San Jose, California, and Gail Tuminello of Valparaiso, Indiana; 12
grandchildren and 10 great-grandchildren.
2005 marked the 40th anniversary of the development of Orville
Redenbacher's popcorn, although the introduction of the Orville
Redenbacher's brand name came later.
Since 2006, several of Orville’s commercials from the 1970s and
1980s have aired on many channels across the United States.[citation
needed] The advertisements for the brand’s "natural" popcorn snacks
were introduced in 2008, 13 years after Redenbacher's death, and
feature a clip of him at the end.
In January 2007, a television commercial featuring a digital
re-creation of Redenbacher appeared. Redenbacher's grandson, Gary
Redenbacher, responded to questions about how he felt about the
advertisement by saying: "Grandpa would go for it. He was a
cutting-edge guy. This was a way to honor his legacy."
On September 4, 2012, Valparaiso unveiled a statue of Redenbacher at
the city's annual popcorn festival.
^ a b Thomas, Robert (September 21, 1995). "Orville Redenbacher,
Famous For His Popcorn, Is Dead at 88". The New York Times.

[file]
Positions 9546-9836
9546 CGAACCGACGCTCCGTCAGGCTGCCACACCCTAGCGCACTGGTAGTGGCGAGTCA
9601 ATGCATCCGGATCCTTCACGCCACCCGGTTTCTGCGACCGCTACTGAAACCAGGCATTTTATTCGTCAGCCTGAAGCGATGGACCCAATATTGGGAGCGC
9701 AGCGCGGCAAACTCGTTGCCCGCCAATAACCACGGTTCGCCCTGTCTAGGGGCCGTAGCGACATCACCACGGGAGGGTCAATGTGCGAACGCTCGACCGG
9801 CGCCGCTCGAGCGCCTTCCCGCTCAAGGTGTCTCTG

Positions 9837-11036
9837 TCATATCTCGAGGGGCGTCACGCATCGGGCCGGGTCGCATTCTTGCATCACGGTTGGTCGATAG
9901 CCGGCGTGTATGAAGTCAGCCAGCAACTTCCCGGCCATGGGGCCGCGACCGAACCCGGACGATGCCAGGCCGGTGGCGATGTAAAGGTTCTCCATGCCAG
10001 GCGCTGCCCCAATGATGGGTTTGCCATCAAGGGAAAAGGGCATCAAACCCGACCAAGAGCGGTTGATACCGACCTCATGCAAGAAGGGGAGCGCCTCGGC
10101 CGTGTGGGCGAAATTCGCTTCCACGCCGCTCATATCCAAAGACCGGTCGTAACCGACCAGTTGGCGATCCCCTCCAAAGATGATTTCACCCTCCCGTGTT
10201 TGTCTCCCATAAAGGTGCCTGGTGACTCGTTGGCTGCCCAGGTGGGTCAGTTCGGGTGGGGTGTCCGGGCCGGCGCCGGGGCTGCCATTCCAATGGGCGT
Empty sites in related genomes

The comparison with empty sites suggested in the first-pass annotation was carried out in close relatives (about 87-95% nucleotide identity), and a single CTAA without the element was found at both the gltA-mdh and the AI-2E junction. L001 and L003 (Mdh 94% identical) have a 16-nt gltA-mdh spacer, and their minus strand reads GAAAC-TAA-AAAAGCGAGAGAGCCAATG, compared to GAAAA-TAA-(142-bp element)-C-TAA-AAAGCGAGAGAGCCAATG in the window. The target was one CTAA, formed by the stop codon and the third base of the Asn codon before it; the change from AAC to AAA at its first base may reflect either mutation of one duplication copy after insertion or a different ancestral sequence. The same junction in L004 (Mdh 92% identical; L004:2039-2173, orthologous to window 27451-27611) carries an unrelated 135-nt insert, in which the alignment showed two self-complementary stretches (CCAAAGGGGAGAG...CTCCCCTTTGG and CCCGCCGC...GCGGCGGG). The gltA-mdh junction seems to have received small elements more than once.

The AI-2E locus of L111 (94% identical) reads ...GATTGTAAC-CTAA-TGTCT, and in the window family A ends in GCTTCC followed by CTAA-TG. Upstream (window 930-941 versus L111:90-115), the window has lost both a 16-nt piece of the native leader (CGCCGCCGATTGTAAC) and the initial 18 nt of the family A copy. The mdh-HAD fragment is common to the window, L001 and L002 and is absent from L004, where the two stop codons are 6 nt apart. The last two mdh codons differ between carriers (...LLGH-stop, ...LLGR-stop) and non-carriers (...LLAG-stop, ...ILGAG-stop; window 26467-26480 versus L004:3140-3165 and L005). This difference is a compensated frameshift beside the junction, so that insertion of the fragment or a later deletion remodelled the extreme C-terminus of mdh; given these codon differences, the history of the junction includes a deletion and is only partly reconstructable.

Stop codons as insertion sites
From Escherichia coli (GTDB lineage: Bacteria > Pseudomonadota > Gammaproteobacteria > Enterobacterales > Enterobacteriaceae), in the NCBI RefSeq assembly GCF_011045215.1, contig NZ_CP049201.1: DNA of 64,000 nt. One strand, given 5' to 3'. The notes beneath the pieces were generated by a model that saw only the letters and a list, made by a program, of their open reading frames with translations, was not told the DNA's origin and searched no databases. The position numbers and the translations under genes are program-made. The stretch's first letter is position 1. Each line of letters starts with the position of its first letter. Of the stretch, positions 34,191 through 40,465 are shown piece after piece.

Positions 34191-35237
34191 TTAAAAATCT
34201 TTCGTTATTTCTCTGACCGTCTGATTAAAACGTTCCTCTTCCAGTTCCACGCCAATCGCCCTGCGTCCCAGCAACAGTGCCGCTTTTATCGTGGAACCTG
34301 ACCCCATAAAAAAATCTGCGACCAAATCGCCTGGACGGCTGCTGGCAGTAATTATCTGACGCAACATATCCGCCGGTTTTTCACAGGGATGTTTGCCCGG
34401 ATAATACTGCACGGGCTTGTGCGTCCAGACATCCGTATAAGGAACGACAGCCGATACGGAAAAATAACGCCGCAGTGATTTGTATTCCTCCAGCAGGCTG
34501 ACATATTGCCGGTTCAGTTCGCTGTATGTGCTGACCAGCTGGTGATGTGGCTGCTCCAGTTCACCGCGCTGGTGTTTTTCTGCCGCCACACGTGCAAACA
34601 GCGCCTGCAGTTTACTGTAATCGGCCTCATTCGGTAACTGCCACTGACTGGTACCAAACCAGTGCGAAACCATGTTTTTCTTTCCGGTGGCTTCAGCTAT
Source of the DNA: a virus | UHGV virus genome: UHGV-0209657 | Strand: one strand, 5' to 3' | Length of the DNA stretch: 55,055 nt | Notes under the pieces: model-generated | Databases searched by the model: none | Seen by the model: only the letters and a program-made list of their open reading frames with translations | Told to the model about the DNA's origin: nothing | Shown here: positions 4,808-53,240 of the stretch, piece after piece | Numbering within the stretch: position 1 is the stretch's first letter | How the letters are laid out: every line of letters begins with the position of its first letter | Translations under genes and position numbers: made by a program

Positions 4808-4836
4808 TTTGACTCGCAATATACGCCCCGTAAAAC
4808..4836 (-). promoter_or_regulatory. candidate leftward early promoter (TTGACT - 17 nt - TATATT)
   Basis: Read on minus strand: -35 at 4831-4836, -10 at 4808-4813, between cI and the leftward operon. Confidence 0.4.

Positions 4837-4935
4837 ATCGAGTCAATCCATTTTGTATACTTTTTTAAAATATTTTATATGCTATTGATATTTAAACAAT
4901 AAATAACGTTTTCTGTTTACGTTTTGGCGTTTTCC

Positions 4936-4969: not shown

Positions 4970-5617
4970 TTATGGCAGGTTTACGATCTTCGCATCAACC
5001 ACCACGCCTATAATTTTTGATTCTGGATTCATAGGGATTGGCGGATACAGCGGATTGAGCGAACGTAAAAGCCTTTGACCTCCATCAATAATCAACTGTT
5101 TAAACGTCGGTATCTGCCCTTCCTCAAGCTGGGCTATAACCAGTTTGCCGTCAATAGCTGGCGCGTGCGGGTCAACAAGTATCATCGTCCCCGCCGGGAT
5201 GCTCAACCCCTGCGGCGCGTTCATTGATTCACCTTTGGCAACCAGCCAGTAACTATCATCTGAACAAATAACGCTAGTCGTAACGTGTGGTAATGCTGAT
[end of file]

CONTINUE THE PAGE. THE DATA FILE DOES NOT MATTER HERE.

^ a b c d e Wieland, Phil. "Orville Redenbacher: A passion for
popcorn". The Times of Northwest Indiana. Retrieved 31 October
^ Gail Collins (December 31, 1995). "The Lives They Lived: Orville
Redenbacher;Our Inner Nerd". The New York Times. Retrieved October 12,
^ a b
Orville Redenbacher's popcorn partner shared the wealth, if not
the celebrity, Remembrances Section, Wall Street Journal, April
18–19, 2009, p. A4
Orville Redenbacher and his popcorn weren't always well-known". TV
Squad. July 2, 2009.
Orville Redenbacher's Brand History". www.orville.com. ConAgra
Foods. Retrieved 6 April 2014.
^ Bruce Horovitz (January 12, 2007). "
ConAgra revives Redenbacher for
popcorn ads". USA Today. Retrieved October 12, 2013.
^ "Statue honors popcorn king Redenbacher". Terre Haute Tribute Star
(Associated Press). September 5, 2012.
Orville Redenbacher Popcorn
Orville Redenbacher at Find a Grave